Senator Tom Brewer
The Nebraska Legislature is shut down because of the coronavirus pandemic. We are “in recess at the call of the speaker.” We have seventeen legislative days remaining in this 60-day session that we must complete. Our state constitution specifies when the legislature will start work — the first Monday after the first Wednesday in January — but it is silent on where the legislative days fall after that. We will reconvene and finish the session, but no one knows when. The situation is changing rapidly. I would like to think it will be sooner rather than later.
Most senators’ physical offices are closed, with all their employees working from home. A handful of us have kept our physical offices in the Capitol open, with some staff on-location and the others working from home on a rotating basis.
As I type this, Congress just passed the largest bill (in terms of money) in the history of the country, and they moved the bill on a “voice vote” so no one can ever know where individual members stood on the $2 trillion piece of legislation. This troubles me. There is also a load of pork-spending in the bill that doesn’t have anything to do with the public health emergency. I realize it is essential that we help the millions of Americans hurt by this virus. Elected officials often have to “hold their nose and vote.” But at what point does our country’s massive national debt become an emergency?
The good news is financial assistance will now begin to flow to those in need. Individual taxpayers should receive direct deposits or checks from the federal government in the next several weeks. Adults who made less than $75,000 and couples making less than $150,000 will get paid $1,200 per person. There are a lot of different loans and grants for business in the bill as well.
The President and his team are doing an outstanding job with this crisis. They are walking a tightrope with a global plague on one side and a global economic depression on the other, and they are doing it right before an election. We’re finding out the virus is not as lethal as was first feared. All of the “mitigation” in government advisories — social distancing, closing down business, etc. — appears to be working very well.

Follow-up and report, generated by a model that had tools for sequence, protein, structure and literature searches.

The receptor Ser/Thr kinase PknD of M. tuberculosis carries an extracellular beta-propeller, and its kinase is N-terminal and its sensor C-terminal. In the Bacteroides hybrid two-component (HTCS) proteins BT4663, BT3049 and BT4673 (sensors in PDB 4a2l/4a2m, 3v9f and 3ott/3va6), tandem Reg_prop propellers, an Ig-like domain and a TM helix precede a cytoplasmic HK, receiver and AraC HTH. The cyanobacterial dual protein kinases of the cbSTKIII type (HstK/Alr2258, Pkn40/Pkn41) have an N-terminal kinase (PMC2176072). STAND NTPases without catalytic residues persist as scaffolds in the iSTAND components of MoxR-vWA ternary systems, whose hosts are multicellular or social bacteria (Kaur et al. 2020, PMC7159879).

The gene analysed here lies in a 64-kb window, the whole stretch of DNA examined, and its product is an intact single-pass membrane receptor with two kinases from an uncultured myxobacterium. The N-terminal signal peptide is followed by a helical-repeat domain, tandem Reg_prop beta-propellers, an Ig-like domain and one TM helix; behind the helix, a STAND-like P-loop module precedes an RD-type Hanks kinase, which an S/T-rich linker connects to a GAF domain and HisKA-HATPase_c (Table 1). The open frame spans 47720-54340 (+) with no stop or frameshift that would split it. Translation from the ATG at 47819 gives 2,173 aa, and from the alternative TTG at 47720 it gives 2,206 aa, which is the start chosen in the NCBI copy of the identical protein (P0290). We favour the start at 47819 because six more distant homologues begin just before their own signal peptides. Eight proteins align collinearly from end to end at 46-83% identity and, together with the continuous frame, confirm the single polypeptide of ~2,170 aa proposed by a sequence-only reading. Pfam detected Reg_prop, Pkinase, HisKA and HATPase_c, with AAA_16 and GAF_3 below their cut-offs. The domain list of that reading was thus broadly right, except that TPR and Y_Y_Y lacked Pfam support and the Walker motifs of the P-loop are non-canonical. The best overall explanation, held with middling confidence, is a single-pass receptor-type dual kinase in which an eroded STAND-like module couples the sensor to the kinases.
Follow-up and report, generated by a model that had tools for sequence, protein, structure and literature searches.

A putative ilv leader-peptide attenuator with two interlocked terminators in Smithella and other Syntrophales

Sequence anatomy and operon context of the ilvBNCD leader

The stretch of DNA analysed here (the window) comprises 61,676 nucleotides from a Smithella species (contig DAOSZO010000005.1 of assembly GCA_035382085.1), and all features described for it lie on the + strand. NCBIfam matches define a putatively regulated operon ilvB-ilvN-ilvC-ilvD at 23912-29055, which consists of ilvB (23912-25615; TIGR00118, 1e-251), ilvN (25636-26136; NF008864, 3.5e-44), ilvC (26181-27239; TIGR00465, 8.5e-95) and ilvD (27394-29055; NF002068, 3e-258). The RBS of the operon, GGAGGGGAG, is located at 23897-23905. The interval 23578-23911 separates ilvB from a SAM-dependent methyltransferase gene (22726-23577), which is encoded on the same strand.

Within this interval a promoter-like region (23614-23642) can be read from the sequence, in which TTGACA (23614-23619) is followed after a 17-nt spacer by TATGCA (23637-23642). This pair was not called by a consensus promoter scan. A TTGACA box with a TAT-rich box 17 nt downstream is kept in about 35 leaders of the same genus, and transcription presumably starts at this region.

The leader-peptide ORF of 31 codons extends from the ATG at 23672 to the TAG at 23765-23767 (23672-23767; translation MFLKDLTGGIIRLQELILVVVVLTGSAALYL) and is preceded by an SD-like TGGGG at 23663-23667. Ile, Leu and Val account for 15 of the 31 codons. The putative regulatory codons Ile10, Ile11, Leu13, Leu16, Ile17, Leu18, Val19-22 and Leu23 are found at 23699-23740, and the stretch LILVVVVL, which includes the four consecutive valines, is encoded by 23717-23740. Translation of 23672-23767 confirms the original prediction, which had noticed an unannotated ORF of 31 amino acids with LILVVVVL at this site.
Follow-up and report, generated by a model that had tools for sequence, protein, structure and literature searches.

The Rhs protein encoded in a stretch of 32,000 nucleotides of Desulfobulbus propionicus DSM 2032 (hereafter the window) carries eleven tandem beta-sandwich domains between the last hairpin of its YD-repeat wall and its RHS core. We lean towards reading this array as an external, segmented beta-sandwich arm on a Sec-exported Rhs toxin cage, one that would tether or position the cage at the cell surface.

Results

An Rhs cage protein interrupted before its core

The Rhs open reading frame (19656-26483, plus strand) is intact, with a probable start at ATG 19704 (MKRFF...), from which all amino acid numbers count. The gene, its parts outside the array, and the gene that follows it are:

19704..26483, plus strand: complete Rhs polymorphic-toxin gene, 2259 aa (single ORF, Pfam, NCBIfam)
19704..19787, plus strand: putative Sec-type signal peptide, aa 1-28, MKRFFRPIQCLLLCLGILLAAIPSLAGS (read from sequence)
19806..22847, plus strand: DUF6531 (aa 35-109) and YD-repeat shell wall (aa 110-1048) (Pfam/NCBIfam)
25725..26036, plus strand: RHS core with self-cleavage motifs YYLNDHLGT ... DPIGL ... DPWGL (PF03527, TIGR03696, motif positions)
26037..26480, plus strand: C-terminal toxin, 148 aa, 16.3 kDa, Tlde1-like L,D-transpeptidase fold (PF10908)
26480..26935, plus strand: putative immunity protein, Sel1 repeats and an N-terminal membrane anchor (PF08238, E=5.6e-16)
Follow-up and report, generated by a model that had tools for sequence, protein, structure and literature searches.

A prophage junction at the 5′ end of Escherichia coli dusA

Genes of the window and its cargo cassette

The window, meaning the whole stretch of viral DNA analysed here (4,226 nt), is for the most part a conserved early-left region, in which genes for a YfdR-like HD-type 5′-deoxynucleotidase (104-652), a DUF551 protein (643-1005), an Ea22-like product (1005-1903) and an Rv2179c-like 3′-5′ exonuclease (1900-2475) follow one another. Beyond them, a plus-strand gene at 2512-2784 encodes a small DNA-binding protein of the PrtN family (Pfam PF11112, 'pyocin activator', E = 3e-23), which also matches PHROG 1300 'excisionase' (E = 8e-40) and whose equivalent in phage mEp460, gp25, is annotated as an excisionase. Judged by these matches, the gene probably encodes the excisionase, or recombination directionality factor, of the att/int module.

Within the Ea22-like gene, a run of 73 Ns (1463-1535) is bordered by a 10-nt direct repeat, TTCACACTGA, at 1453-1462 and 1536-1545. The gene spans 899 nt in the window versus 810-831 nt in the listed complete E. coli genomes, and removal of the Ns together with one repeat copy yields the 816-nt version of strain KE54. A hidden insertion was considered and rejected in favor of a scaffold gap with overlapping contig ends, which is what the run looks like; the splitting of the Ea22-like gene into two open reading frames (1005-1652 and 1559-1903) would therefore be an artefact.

American medical science, in partnership with scientists around the world, is producing new life-saving drug therapies and treatments almost daily. I think all of these efforts have dramatically flattened the curve. I am optimistic that Nebraska will continue to be successful in preventing this disease from overwhelming our healthcare system — a system which is the envy of the country by the way. I am hopeful that Nebraska will be one of the first states to be “open for business” again and to return to normal. The sooner we can do that, the better.
Please contact my office with any comments, questions, or concerns. Email me at firstname.lastname@example.org, mail a letter to Sen. Tom Brewer, Room #1101, P.O. Box 94604, Lincoln, NE 68509, or call us at (402) 471-2628.
Senator Tom Brewer
LB 110 is a bill that would make medical marijuana legal in Nebraska. It was introduced on the 10th of January. It is a senator priority bill that was referenced to the Judiciary Committee. I believe this committee will promptly vote this bill out, and we will soon debate it on the floor.
I oppose this bill and will vote against it.
As with most bills there is a long list of pros and cons; supporters and opponents. There are numerous worthy arguments in opposition to this bill, but today I just want to write about one troubling aspect of it – Second Amendment Rights.
I encourage readers to find a copy of the ATF Form 4473. This is the form a person must complete in order to purchase a firearm. Beginning with block 11, there are 13 questions that a person must answer. If the answer is “yes” to anyone of them, you are considered a “prohibited person” by federal law, and you may not possess a firearm. If you lie and provide a false answer, this is a federal felony punishable by a large fine and a prison sentence. Block 11e reads as follows:
“Are you an unlawful user of, or addicted to, marijuana or any depressant, stimulant, or narcotic drug, or any other controlled substance? WARNING: The use or possession of marijuana remains unlawful under federal law regardless of whether it has been legalized or decriminalized for medical or recreational purposes in the State where you reside.”